Blood moon makes its last appearance for the next three years

Katherine Anderson, Features Editor

242,740 miles away, the Moon, at the peak of its eclipse, appeared a reddish-orange color. The last total eclipse for the next three years took place November 8 and is known as a blood moon, a product of the light of Earth’s sunsets and sunrises. 

A lunar eclipse is caused when the Earth passes directly between the Moon and Sun, with the Sun casting Earth’s reddish shadow onto the Moon. In order for this to take place, the Earth has to be physically between the Sun and Moon with all three, lying on the same plane of orbit. It can only happen during a Full Moon. A Blood Moon happens when Earth’s moon is in a total lunar eclipse and a minute remainder of refracted sunlight passes through the Earth’s atmosphere and reaches the moon. The more cloudy or dusty the atmosphere is, the redder the Moon appears to be; the reddish hue is caused by the wide scattering of sunlight passing through more of the planet’s atmosphere.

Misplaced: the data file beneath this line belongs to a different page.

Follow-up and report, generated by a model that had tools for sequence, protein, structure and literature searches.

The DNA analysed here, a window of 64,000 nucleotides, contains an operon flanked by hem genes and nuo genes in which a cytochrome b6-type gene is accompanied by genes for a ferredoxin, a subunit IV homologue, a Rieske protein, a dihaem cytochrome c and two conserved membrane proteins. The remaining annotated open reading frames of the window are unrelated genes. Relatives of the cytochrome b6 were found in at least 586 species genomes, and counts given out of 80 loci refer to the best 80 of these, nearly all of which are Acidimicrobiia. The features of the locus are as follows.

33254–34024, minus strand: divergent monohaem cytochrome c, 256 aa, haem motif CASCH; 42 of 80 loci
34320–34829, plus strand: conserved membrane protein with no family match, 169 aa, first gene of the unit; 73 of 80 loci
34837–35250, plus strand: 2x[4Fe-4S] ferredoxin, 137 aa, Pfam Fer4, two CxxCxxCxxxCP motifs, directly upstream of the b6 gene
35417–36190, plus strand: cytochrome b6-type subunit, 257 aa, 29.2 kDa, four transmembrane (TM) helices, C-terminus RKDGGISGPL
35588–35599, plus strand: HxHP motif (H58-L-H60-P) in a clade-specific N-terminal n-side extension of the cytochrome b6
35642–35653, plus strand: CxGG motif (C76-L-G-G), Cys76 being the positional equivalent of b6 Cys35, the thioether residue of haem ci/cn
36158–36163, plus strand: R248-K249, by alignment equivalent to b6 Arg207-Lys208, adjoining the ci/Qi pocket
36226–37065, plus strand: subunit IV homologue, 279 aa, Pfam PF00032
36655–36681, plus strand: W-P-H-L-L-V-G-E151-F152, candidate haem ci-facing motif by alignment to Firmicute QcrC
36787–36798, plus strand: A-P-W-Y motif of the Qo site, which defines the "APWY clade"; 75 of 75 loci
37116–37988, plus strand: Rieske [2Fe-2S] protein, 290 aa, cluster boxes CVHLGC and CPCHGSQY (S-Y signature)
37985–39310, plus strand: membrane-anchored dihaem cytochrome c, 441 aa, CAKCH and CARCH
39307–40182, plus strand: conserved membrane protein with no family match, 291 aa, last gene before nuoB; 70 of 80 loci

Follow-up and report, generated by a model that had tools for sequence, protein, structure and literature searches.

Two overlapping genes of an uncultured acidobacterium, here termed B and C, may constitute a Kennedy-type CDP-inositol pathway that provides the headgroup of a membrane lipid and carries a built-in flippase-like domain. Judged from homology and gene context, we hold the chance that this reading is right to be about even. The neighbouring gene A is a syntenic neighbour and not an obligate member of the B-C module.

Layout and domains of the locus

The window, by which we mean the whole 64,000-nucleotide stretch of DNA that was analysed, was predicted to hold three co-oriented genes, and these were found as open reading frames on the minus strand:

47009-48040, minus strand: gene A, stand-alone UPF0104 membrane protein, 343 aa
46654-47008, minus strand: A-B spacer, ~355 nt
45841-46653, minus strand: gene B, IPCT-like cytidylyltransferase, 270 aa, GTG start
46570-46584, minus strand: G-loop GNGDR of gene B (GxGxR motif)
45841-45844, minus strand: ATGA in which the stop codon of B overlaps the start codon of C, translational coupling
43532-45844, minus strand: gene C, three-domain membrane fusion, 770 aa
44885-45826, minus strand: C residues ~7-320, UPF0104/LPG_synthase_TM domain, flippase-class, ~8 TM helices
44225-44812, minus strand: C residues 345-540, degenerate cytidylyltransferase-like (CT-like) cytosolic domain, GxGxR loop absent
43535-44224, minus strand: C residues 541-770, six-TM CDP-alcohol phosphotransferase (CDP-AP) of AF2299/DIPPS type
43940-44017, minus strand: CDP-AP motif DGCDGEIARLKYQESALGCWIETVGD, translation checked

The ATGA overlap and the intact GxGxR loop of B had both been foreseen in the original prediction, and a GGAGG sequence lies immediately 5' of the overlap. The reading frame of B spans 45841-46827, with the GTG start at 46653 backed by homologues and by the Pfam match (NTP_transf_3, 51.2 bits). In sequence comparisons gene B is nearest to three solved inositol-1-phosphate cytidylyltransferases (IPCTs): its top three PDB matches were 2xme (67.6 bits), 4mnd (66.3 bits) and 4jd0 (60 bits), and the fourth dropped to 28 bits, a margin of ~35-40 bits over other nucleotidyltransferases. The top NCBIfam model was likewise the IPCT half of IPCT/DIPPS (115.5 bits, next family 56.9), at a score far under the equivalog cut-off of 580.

The lunar eclipse was visible throughout North America in the early hours before dawn, with Asia, Australia, and the rest of the Pacific getting their glimpse of the eclipse after sunset. Unfortunately, Africa, the Middle East and most of Europe were not able to see the eclipse and will have to wait until 2025. 

The total eclipse lasted about an hour and a half, beginning at 5:16 a.m. Eastern Standard Time and ending at 6:14 a.m. Eastern Standard Time. This lunar eclipse is the second one this year; the first one took place in May.